The decennial redistricting that follows the Census every ten years is impacted by these migration patterns. Indeed, the current “Cleveland” district represented by Marcia Fudge snakes a narrow path down to north Akron to pick up several neighborhoods of black residents to pack into the 11th District. That was a Faustian bargain struck at George Forbes’ house with then-Speaker of the Ohio House William Batchelder that benefitted both Republicans and the black Democratic establishment.
In several of her relatively rare public appearances in the district over the past few years, Fudge has referenced the dwindling margins of her majority minority district, pegging the percentage of black voters in the district somewhere around 50.5%. (We always found such hyper-parsing of her constituency curious: it made us wonder how it influenced her constituent relationship management, how she viewed her ability to win the support of nonblack constituents, etc.)
• In recent decades, Ohio has ranked among the nation’s ten worst states when it comes to Congressional district gerrymandering. In May of last year, voters overwhelmingly passed Issue 1, a compromise measure designed to limit the grossest excesses of gerrymandering. It is unclear how that will play out in the upcoming line drawing. The estimable Dr. Larry Brisker, the Tri-C professor whose analytical skills informed redistricting negotiations in ways that looked out for the black community’s political interests, has gone on to higher reward. Who is capable of assuming that role?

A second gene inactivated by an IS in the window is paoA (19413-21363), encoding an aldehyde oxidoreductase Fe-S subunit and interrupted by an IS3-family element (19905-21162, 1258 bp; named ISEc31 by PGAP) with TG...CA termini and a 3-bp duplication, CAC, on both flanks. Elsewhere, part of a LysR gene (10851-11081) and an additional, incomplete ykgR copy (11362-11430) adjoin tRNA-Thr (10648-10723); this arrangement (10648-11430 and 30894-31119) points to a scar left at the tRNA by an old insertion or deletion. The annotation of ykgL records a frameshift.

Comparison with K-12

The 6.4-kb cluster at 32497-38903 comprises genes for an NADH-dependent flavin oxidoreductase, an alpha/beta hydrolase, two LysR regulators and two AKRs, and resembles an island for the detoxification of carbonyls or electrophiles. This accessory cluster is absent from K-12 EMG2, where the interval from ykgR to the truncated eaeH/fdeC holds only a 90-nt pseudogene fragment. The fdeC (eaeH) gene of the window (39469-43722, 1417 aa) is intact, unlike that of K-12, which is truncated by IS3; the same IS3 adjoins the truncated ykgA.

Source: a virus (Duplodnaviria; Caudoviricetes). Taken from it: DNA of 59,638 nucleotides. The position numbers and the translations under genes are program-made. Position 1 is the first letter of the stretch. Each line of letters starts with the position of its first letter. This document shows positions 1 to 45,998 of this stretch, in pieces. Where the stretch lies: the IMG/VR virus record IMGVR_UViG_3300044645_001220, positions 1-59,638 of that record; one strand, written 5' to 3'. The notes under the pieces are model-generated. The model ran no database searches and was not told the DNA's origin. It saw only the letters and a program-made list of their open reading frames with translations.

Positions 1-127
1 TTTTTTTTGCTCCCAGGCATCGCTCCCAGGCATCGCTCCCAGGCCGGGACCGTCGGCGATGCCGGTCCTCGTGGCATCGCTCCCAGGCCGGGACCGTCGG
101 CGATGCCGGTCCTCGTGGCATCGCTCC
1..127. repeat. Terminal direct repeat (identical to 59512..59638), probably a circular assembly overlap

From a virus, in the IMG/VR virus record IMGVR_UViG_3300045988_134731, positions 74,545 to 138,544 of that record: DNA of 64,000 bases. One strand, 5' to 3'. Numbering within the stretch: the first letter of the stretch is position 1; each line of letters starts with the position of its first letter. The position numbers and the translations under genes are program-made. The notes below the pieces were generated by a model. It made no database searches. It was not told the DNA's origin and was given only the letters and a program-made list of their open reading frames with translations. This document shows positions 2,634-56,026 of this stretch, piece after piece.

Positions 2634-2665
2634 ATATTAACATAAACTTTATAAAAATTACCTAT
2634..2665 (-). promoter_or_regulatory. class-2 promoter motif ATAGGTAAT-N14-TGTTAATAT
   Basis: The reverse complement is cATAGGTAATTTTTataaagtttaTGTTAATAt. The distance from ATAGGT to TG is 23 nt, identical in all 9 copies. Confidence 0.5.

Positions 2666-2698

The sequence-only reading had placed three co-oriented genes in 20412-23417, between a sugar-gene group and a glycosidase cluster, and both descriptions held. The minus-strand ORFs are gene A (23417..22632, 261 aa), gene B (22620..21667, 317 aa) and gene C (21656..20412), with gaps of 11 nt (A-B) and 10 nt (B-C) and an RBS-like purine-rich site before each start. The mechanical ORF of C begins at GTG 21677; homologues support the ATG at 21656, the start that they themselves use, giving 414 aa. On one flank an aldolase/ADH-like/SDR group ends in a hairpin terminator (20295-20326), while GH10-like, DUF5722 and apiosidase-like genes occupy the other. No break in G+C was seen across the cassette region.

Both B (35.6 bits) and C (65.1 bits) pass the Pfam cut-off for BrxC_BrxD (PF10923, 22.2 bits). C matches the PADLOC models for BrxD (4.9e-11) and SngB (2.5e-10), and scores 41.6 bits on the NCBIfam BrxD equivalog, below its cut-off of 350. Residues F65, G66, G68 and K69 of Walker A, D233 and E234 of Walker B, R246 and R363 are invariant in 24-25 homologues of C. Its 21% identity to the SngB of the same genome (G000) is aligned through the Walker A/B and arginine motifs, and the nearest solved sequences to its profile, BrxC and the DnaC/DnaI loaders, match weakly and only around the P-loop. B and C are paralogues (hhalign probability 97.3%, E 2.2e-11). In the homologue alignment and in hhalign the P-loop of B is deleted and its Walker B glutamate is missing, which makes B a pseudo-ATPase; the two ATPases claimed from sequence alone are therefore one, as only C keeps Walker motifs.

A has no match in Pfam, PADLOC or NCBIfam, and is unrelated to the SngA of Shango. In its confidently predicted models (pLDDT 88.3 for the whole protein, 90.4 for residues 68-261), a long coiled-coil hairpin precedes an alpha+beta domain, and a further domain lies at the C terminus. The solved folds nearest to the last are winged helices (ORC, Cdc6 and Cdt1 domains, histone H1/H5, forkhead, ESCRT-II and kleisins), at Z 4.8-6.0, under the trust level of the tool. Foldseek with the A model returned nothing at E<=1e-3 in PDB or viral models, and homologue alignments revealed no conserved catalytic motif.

• The willingness of the black state legislators to play footsie with their GOP legislative overseers a decade ago and create a second district more or less tailor-made for a black candidate — Joyce Beatty’s Third District seat in Franklin County — could affect the State’s need to maintain the protected status of the venerable 11th. Ohio’s 11-12% black population may warrant one majority minority district out of its soon-to-be 15 seat allocation; Beatty’s district may lessen the obligation of legislators to preserve a second such district.